Writer and story editor Lois Gibson died Sunday in Malibu after a long illness. She was 77.
A native New Yorker, she attended Hofstra University and did postgraduate studies at the Sorbonne. In the late 1940s, she worked for pioneering publisher Ian Ballantine as a translator and editor in the exploding paperback industry.
She moved to Los Angeles in the 1950s and joined the story department at CBS Television, where she discovered and helped develop “The Untouchables.” She served as one of the producers of “Shirley Temple Storybook,” a series of sixteen ABC specials and worked as a story editor and consultant for TV producers Desi Arnaz, William Asher, Quinn Martin and Rod Amateau.
During the ’60s, she created and developed storylines for shows such as “The Fugitive” and “The Invaders.” She did the same in the ’80s for medical series, “Quincy, M.E.” and “Kay O’Brien.” During the 1970s, she wrote TV reviews for the L.A. Free Press, and in the mid-1980s, she wrote the Hidden Treasures column of the in the L.A. Times Magazine.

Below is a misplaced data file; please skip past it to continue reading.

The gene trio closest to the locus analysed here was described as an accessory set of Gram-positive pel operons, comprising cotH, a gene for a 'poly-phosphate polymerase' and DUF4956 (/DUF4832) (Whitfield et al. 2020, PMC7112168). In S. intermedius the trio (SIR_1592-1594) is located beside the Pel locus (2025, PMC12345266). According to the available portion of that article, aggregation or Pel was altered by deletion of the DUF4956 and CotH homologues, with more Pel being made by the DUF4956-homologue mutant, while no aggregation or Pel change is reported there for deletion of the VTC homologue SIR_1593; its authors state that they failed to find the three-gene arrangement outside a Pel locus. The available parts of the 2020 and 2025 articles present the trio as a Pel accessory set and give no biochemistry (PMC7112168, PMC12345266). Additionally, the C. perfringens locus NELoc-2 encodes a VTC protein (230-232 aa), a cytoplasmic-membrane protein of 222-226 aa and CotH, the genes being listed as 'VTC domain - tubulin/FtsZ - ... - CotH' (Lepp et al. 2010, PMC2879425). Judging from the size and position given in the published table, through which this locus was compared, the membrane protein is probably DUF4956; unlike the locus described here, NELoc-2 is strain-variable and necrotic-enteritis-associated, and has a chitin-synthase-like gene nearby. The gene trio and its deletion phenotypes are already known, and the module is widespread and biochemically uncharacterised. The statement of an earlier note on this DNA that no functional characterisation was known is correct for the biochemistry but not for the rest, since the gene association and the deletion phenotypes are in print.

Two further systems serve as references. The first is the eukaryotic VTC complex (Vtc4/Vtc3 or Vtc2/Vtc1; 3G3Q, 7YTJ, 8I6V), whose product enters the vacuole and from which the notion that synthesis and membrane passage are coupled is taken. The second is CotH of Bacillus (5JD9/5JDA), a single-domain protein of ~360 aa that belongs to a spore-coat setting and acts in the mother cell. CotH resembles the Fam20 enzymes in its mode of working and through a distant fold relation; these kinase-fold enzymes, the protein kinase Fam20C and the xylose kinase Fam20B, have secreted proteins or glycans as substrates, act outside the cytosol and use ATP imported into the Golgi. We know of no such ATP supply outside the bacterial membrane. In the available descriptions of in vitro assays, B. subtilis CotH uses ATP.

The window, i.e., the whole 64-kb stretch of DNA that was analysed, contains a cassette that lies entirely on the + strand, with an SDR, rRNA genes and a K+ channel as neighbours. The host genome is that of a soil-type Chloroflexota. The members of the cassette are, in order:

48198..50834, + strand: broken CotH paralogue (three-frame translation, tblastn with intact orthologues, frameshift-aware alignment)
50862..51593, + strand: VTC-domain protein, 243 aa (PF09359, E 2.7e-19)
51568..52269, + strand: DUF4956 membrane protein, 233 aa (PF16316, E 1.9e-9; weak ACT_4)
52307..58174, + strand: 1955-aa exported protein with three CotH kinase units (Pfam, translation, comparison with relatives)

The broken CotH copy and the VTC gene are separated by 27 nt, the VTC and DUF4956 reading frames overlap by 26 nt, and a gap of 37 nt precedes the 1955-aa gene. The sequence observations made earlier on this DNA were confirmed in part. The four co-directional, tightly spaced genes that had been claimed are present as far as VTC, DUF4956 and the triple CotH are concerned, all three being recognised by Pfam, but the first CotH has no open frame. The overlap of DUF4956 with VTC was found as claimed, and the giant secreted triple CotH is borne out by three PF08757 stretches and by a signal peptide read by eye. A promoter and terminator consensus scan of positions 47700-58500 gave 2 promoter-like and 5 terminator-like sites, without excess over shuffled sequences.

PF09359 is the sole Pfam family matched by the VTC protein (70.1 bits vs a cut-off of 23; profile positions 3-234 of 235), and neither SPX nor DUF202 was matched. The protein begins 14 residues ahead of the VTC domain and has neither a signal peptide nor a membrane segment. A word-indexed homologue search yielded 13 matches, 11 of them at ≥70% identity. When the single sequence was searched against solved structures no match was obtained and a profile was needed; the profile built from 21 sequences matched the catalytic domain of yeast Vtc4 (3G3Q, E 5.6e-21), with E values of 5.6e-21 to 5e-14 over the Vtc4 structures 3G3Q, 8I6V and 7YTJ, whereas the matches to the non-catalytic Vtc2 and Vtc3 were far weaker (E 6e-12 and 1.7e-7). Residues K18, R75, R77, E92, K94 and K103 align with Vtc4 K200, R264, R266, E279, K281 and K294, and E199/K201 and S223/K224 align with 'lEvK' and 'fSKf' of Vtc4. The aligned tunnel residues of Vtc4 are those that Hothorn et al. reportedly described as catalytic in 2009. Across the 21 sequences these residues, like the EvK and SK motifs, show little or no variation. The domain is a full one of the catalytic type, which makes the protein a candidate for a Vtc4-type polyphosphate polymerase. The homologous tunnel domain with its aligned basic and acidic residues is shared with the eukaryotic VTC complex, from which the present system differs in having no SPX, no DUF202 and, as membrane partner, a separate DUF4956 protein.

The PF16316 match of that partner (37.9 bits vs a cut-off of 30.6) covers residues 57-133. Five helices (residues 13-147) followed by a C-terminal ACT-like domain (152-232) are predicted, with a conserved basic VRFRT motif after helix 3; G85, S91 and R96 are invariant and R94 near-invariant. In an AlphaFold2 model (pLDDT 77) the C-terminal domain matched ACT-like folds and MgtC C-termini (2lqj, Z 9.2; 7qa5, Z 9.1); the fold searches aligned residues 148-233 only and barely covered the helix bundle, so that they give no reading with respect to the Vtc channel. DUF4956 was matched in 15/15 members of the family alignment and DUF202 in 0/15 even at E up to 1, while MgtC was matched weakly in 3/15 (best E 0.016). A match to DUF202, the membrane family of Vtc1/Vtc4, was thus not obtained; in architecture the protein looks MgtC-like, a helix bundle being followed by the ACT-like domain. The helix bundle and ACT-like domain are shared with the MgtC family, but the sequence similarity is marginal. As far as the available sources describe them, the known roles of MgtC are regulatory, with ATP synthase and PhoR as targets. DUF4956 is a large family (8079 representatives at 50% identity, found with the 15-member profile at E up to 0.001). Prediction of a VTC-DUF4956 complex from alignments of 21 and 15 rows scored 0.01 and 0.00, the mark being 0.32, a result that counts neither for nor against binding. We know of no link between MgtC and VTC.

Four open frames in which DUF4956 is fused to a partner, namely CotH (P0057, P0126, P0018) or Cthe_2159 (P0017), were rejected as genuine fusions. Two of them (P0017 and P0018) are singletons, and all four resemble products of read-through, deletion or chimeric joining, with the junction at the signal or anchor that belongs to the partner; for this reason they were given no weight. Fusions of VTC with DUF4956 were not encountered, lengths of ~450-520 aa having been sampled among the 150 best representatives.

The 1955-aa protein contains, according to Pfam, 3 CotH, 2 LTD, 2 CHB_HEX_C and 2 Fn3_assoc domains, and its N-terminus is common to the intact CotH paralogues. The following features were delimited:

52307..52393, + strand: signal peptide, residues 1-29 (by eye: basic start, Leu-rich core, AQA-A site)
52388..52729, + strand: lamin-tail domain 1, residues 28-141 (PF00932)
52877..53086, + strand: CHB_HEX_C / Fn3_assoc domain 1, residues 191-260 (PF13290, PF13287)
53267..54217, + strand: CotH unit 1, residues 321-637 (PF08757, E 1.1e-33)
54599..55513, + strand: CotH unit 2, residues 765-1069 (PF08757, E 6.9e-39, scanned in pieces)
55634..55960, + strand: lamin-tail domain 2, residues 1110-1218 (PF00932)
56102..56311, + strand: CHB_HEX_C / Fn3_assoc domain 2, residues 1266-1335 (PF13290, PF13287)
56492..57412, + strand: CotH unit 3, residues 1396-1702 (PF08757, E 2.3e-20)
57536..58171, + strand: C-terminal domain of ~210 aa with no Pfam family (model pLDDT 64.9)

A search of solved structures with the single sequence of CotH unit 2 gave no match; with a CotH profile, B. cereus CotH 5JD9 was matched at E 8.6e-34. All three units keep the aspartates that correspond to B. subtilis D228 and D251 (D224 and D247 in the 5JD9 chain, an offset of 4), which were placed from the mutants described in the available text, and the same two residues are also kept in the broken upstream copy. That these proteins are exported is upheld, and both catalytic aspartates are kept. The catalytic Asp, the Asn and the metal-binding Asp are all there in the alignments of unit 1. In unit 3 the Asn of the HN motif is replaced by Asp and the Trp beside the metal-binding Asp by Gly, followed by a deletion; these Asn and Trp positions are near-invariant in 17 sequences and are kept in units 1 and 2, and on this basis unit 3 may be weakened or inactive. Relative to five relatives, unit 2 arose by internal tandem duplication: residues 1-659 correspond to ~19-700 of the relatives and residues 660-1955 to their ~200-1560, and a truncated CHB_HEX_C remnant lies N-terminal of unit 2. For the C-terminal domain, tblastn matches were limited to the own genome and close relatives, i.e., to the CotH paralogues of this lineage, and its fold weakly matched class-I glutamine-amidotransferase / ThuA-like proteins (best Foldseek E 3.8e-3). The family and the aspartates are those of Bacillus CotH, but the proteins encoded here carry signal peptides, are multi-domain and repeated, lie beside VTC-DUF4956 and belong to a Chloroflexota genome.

Gibson also wrote the story for the 1974 feature film “Crypt of the Living Dead.” A member of the Actors Studio Playwrights group and the Dramatists Guild of America, she wrote the book for the musical “Nobody’s Heart,” based on the life and lyrics of Lorenz Hart.
She is survived by her husband, actor Henry Gibson; three sons, Jonathan, business affairs exec at NBC/Universal; Charles, two-time visual effects Oscar winner; James, a screenwriter and two grandchildren.
Donations may be made to the Boston Terrier Rescue Fund.